In this interview Dr. Gomez shares some of his current research on swine microbiome and talks about its potential applicability at a productive level.
nutriNews International had the opportunity to speak with Dr. Andres Gomez Assistant Professor and Microbial Ecologist at the University of Minnesota. In this interview Dr. Gomez talked to us about some of his past research as well as his current work with the swine microbiome. Sharing his insights regarding the potential applicability of this type of research from a productive standpoint.
NutriNews International: Dr. Gomez on behalf of NutriNews International I want to welcome you to our new series of interviews and podcasts. We are a really happy to have you with us, and we want to thank you for participating.
Dr. Andres Gomez: Thank you so much for the invitation.
NutriNews International: Could you give us a brief overview of your career path and about some of your current work at the University?
NutriNews International: That is quite an interesting career path. Thank you for introducing yourself Dr. Gomez.
Microbiome research has drawn significant interest during the las couple of years, however it is somewhat of abroad concept that still holds a lot of unknowns regarding its applicability in animal production scenarios. How would you define the term “microbiome” from a physiological standpoint as well as based on its relationship with animal nutrition and physiological performance?
Dr. Andres Gomez: Well, the microbiome is defined as the collection of microorganisms, not just bacteria, but also fungi, virus, and protozoa which colonize different surfaces in humans, animals and the environment. In the case of animals we can refer to it as the collection of microorganisms living in different anatomical regions of that animal. Including the GI tract, oral cavity, reproductive tract, the skin, the nose, etc. Practically all of our body is colonized by microbes. Recent evidence collected during the past ten to twenty years and even dating further back, tells us that these microbes impact the physiological landscape of the host significantly. Whether it is through metabolites produced by these microorganisms when degrading different dietary substrates, but also through the interaction that occurs between these microbes, the metabolites that they produce and the host’s immune system. This three-way communication between metabolism, immunity and the role microorganisms influence many different aspects of the physiological mechanistic functioning of the host. Including the way in which we digest foods, how effective we are at retrieving energy from these food sources, how well we are able to fight disease, as well as educating the immune system. Referring to how microorganisms and immune cell orchestrate a very specific communication at a molecular level, which influences the functioning of the immune system. Therefore, through the research that we have been carrying out during this past ten to 20 years, we believe that the way these microbes interact within our gut, as well as their composition in different parts of the body, influences the host’s physiological performance in terms of metabolism, as well as its immunity and overall health…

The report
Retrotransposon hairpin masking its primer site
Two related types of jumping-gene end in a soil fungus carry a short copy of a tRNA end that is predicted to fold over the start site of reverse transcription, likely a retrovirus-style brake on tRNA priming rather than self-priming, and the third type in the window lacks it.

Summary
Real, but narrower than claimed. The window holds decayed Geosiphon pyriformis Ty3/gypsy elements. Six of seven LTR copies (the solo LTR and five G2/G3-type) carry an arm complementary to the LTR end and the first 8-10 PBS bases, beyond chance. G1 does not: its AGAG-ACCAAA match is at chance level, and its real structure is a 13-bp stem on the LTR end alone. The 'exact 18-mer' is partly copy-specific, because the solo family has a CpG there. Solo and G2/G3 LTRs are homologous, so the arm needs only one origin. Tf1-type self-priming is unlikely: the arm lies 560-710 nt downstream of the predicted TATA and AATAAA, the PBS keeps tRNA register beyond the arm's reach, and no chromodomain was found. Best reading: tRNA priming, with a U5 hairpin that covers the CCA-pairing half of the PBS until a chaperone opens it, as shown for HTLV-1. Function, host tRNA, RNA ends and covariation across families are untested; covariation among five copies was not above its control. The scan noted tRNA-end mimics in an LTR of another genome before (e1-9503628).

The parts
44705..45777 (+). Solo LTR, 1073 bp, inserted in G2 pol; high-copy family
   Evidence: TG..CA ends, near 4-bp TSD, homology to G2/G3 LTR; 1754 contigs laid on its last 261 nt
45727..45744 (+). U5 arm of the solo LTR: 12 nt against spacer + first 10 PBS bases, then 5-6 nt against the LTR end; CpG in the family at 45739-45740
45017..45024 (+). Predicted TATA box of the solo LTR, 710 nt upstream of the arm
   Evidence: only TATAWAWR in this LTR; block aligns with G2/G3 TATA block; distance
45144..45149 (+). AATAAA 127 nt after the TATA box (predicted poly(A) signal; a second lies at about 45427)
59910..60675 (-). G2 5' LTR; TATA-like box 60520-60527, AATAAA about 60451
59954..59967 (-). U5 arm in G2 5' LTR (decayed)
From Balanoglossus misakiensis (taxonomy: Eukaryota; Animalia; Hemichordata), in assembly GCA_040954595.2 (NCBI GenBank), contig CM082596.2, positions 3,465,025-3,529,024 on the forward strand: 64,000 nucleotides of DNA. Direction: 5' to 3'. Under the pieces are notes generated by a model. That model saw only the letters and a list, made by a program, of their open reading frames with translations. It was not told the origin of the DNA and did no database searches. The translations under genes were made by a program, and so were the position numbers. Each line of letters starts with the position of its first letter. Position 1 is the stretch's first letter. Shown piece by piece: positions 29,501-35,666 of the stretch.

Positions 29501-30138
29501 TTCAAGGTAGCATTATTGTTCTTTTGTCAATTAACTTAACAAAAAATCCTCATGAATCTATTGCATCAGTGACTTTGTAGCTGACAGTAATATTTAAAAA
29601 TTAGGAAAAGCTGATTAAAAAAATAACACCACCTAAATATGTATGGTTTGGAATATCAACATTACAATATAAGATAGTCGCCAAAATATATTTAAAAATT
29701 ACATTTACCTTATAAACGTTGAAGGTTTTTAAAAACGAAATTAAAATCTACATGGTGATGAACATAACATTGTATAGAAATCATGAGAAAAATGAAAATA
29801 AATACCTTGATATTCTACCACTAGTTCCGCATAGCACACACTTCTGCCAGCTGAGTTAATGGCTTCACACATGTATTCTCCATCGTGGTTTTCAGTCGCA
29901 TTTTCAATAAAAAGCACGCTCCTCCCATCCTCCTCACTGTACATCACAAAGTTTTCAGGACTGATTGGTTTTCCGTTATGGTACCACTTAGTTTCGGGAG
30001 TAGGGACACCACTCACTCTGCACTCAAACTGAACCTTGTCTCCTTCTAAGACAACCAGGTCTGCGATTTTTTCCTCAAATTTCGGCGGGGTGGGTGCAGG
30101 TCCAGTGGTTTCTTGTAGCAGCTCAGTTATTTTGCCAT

This entry will be continued on a subsequent publication.
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